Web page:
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Opinion >  Guest Opinion

Caroline Woodwell: Better Spokane can do better

Michael Cathcart, executive director of Better Spokane, says that Spokane cannot afford the City Council’s energy mandate (“Spokane can’t afford City Council’s energy plan,” Aug. 18, 2018). He is wrong. The city cannot afford the business as usual model that he proposes.

As I write, air quality in Spokane is hazardous for humans. The sun has not been visible all day. Smoke hangs in the ponderosa pines and wafts down my street in white clouds. People with respiratory ailments and a history of strokes have been urged to leave the area. And this is only the beginning. There are vast forests in the West, just waiting to burn.

For forty years scientists have been warning us that burning oil, coal and gas produces carbon dioxide that accumulates in the atmosphere and traps infrared light, also known as heat, warming the Earth.

In 1979 four scientists warned of the perils of inaction on climate change in a report to the Council on Environmental Quality. “Man is setting in motion a series of events that seem certain to cause a significant warming of world climates over the next decades unless mitigating steps are taken immediately,” they said.

For forty years we have known and failed to take action. Now the predictions of those scientists are on full display. The West is burning, the Arctic is burning, the polar ice caps are melting, coastal cities are flooding. Breathing in Spokane today can be life-threatening. And the United States, the country which, over time, has produced more carbon emissions than any other country in the world, has withdrawn from collaborating in the two most important international carbon emission reduction agreements: the Kyoto Protocol of 1997 and the Paris Agreement of 2016.

The excuses for inaction at the federal level are remarkably similar to the excuses for inaction offered by Mr. Cathcart at Better Spokane: It costs too much; you’re moving too fast; we’re already working on it; it will stifle economic development; it’s not fair; others have tried and found it hard; we don’t know enough; it will undermine our competitive position.

What we have learned over forty years is that those excuses lead to life as usual. And life as usual leads to the unusual new, smoky, scorching August weather that’s now typical in Spokane.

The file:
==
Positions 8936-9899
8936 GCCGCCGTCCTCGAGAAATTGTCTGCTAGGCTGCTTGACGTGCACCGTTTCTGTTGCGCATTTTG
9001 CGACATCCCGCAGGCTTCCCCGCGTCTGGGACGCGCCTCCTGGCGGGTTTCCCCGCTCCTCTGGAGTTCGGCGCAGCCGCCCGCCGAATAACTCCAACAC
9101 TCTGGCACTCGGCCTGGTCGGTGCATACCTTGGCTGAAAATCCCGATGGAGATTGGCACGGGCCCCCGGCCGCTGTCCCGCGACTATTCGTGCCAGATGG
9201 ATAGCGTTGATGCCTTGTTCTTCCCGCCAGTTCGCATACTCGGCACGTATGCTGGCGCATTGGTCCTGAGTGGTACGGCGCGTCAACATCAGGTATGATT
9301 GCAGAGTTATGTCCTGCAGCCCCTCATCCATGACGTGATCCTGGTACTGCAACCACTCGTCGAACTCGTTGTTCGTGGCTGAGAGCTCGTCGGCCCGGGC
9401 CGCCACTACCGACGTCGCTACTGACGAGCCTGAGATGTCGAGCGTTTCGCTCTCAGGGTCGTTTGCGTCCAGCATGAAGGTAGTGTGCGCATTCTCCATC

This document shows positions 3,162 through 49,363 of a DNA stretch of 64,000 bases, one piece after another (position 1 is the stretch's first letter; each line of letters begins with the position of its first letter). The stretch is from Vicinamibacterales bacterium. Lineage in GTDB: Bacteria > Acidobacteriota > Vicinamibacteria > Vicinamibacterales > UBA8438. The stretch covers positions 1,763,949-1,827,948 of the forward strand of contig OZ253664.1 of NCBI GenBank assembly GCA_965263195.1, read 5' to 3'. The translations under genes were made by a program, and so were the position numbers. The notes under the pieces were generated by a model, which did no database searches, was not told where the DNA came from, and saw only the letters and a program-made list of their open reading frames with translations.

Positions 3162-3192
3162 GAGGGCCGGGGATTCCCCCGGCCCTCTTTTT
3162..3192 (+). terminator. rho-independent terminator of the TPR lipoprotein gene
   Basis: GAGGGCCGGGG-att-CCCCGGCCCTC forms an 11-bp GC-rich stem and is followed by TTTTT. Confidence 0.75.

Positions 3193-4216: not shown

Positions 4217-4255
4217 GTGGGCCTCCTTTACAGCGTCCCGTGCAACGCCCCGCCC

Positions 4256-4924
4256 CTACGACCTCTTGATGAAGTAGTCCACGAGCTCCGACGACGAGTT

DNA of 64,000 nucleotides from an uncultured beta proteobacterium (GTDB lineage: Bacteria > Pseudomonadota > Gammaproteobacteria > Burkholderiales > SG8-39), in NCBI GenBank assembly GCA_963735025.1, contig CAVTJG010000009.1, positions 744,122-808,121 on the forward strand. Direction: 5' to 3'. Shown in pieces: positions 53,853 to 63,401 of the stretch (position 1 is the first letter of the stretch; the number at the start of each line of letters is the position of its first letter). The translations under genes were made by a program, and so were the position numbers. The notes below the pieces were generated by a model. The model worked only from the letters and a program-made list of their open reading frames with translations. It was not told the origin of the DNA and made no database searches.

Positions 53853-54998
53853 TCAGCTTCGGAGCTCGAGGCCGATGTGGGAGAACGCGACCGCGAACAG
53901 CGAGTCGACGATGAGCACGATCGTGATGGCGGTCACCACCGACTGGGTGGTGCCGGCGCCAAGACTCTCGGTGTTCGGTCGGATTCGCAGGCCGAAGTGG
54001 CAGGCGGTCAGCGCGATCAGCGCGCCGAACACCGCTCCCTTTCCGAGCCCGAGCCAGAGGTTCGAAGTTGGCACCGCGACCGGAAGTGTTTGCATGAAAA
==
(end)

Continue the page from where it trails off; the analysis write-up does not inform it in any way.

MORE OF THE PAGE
Mr. Cathcart believes that if and when a cost analysis of the proposal before the City Council is done, “the public will be horrified at the results.”

I am already horrified. I am horrified that breathing in my city is hazardous to my health. I am devastated that my children are inside during what should be the most glorious last days of summer. I am in deep despair that we, collectively, have known this future for forty years and denied it. We have squandered our chance to live in the climate we are adapted to, by believing excuses for caution, delay and inaction.

Humans evolved in a world where the concentration of carbon in the atmosphere was steady at 280 parts per million. Today concentration of carbon in the atmosphere is 411 parts per million, far beyond the 350 parts per million that most scientists believe is the upper limit for a stable climate that will support life as we know it.

We do not have time in Spokane to be cautious. Reclaiming pristine August days in the Inland Northwest, if it can be done, will require us to do something we have never done before: to imagine and create life in a new way. To leave coal and oil and gas in the ground and learn to power our lives with energy from wind and sun and water. Immediately.

Imagine if, instead of publishing a litany of obstacles, Better Spokane joined the cause. Imagine if Better Spokane, as advocates for business, were at the vanguard of a massive, creative, heroic and inspiring effort to build green businesses in Spokane. An effort that brought in jobs and money. An effort that could be replicated nationally. An effort that put the Spokane business community at the center of the world as an example of leaders in building sustainable cities, run on renewable energy.

Caroline Woodwell lives in Spokane.


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